Las Musas is celebrating the release of NoNieqa Ramos’s sophomore picture book Hair Story, illustrated by Keisha Morris!
Lorena Germán, cofounder of the groups #disrupttexts and Multicultural Classroom and author of The Anti-Racist Teacher: Reading Instruction Workbook and Textured Teaching: A Framework for Culturally Sustaining Practices, writes: “This gorgeous book is about more than hair. Hair becomes the vehicle for a conversation about identity, beauty standards, bias, relationships, self-love, and more. Ramos has created a picture book that touches upon identity as it is intertwined with other elements of life, all by celebrating hair types and styles.”
This is truth is carried in NoNieqa’s words and Keisha’s art. It’s a beautiful ode to Black and brown children, celebrating their hair and their identity and encouraging “young readers to embrace themselves just the way they are."-- Charlotte Offsay, author of The Big Beach Clean Up and How to Return a Monster. As Preciosa and Rudine embrace their natural hair, readers are invited to do the same.
For this blog post, Alexandra Alessandri interviews NoNieqa Ramos about her inspiration and process, but first, here’s a description of this stunning book:
With rhythmic, rhyming verse, this picture book follows two girls―one non-Black Puerto Rican, one Black―as they discover the stories their hair can tell.
Preciosa has hair that won’t stay straight, won’t be confined. Rudine’s hair resists rollers, flat irons, and rules. Together, the girls play hair salon! They take inspiration from their moms, their neighbors, their ancestors, and cultural icons. They discover that their hair holds roots of the past and threads of the future.
With rhythmic, rhyming verse and vibrant collage art, author NoNieqa Ramos and illustrator Keisha Morris follow two girls as they discover the stories hair can tell.
Today, we're sharing an interview between Musas Ana Siqueira and Gloria Amescua, to celebrate Gloria's debut picture book, Child of the Flower-Song People: Luz Jiménez, Daughter of the Nahua. Scroll on to learn more about Gloria's inspiration, future writing plans, and more!
Ana: Gloria, thanks for allowing me to read your wonderful book. What an inspirational story about being proud of your culture and showing the same to the world! I also love the lively illustrations by Duncan Tonatiuh.
First of all, can you tell us what inspired you to write about Luz Jiménez?
Gloria: Thank you for loving our book, Ana. I was inspired when I happened upon a pamphlet about Luz Jiménez and realized I had never thought about the models in paintings and their lives. As I read about her, I was amazed by her life and knew I had to write about her. She was an intelligent and curious little Nahua girl, who wanted to become a teacher, and though she had many struggles throughout her life, she became a very important link between the indigenous people of Mexico and the rest of the world. She came to represent the dignity of the native people in Mexico through the famous 20thth artists who painted her and the Náhuatl language she helped preserve with scholars as it was fading, becoming a teacher after all.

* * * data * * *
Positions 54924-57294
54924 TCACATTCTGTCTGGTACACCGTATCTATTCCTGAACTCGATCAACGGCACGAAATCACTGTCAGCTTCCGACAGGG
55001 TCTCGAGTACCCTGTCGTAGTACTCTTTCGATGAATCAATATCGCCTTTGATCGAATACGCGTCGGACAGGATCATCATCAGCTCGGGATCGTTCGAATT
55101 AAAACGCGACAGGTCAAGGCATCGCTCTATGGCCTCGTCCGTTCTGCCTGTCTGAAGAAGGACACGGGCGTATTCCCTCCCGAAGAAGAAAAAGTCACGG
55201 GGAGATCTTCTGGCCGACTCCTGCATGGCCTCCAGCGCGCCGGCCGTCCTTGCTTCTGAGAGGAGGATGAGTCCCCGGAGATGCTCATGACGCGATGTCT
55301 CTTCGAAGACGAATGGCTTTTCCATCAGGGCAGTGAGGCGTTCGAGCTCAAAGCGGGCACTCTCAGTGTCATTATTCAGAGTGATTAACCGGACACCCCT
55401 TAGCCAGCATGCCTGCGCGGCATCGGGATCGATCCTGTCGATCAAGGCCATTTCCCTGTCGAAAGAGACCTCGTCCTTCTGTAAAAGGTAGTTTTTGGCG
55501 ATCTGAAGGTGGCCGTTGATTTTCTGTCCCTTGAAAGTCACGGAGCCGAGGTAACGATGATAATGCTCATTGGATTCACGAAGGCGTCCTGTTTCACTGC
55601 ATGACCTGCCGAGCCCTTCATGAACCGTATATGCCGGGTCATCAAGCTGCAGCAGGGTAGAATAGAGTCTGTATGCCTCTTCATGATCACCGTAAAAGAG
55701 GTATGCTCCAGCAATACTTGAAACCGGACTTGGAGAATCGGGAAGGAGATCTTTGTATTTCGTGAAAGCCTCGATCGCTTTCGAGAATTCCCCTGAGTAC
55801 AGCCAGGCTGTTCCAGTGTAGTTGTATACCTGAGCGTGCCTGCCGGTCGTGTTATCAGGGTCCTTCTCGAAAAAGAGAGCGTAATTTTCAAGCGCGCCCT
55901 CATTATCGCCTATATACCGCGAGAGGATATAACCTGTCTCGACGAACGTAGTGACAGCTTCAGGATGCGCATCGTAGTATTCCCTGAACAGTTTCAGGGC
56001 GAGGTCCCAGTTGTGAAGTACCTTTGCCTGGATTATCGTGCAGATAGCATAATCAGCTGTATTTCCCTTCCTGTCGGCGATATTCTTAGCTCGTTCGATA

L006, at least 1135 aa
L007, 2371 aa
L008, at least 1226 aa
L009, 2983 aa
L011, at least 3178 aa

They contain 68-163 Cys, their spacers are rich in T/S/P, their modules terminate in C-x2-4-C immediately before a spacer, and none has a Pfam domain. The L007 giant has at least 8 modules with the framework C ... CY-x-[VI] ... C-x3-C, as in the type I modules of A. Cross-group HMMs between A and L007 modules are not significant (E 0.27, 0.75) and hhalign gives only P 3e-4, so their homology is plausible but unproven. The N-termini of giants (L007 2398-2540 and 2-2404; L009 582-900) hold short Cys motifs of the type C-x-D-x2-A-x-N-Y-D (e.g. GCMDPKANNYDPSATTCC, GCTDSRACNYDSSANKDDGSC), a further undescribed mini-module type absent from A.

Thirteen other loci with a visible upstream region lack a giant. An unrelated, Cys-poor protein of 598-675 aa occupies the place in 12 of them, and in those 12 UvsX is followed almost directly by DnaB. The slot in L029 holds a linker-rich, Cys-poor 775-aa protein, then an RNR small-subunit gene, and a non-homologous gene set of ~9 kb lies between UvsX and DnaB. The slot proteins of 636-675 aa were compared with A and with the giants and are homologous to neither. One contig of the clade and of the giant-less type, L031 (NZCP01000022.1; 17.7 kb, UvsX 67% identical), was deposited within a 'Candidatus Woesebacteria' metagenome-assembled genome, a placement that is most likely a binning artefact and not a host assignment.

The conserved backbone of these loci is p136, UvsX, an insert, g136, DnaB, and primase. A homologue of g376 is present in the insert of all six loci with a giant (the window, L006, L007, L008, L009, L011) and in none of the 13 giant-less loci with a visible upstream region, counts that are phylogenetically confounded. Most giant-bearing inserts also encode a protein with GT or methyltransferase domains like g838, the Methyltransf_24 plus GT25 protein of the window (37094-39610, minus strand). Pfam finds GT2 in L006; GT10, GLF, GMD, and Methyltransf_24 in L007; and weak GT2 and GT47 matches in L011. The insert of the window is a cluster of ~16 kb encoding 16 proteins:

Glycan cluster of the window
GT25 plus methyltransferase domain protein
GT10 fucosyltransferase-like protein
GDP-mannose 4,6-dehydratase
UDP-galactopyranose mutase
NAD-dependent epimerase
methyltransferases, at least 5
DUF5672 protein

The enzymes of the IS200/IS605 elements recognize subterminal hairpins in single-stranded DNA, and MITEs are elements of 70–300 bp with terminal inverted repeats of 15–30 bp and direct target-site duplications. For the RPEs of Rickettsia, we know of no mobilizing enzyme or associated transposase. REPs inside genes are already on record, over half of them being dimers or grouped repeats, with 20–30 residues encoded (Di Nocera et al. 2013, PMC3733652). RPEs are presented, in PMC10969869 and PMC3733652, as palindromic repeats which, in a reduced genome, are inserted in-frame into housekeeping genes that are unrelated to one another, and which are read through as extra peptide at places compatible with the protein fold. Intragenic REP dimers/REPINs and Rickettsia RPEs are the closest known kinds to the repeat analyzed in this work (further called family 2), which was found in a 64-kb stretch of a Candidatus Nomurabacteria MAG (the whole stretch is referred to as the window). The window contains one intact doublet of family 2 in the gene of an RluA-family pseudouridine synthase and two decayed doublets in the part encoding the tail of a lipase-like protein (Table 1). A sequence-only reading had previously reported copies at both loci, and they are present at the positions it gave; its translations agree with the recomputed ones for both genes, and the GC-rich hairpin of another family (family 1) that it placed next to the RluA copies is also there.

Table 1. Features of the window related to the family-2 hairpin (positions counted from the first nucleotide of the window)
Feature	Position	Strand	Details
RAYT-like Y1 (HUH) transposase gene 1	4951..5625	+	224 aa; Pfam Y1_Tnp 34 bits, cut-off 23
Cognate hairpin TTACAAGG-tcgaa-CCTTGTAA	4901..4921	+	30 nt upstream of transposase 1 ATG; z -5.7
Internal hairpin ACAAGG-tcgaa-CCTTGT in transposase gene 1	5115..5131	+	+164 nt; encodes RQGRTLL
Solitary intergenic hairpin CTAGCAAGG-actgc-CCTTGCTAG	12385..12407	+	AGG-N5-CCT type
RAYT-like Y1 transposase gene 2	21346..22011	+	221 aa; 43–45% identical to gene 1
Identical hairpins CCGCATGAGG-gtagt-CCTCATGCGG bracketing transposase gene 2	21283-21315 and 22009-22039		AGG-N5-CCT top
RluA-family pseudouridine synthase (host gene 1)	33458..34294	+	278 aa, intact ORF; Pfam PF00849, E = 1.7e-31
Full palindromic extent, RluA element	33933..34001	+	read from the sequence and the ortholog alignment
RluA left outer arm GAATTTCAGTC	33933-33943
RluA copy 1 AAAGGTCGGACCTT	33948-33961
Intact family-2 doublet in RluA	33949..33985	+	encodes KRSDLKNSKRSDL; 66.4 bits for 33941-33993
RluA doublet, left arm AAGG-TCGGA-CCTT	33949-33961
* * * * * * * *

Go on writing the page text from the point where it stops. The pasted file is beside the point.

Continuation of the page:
I connected with Luz on a very personal level. When the Mexican government made school mandatory, the indigenous students were shamed about their native language and clothing. The same shaming of Spanish in the US and punishment for speaking Spanish in school affected how I grew up.
Ana: And I have a question about your author’s note, you wrote her name was Julia Jiménez, but she’s known as Luz Jiménez. Do you know the reason for that?
To celebrate the book birthday of Alexandra Alessandri's Isabel and Her Colores Go to School, we're sharing this delightful interview between Musas Alexandra Alessandri and Terry Catasús Jennings. Scroll on to learn more about this adorable picture book!
Terry: Alexandra, I have to tell you, this brought back so many memories. I was twelve when I first came to the United States. But I was just like Isabel—drowning in the strange words that surrounded me. Can you tell us about your book?
Alexandra: Aw, I’m so glad it resonated with you, though I’m sorry you experienced this, too. Isabel and Her Colores Go to School is about a little girl who’s starting school, but while she’s excited about it, she’s also really nervous because she doesn’t speak English, which sounds strange to her. Isabel is also artistic and processes everything through color, and it’s this trait that ultimately allows her to bridge the language divide.
Terry: Your Colombian identity is very present in your writing, whether it’s your poems or your picture books. How has your Colombian identity shaped your writing?
Alexandra: My Colombian identity is definitely a huge part of my writing. I was born and raised in the U.S. in a Spanish-only household and with parents who made it very clear to me that I was 100% Colombian. But growing up straddling both cultures comes with a lot of figuring out how to be both and questioning whether you’re Colombian or American enough. When my dad passed away in 2008, I felt this sudden void. I mean, my mom is blessedly still alive and I still have this connection to Colombia through her and her side, but the loss of my dad sparked this intimate desire to really know Colombia and where/how I fit into the equation. I think this led naturally to writing as a way of reflecting and understanding what it mean to be Colombian and American, and how different this experience is between my mom, myself and my son. This spilled over into my poetry and my children’s books.
Terry: The idea of Isabel and Her Colores reminds me of Wassili Kandinski. He connected his art to sound. What was the inspiration for Isabel and Her Colores? When/how was the idea born?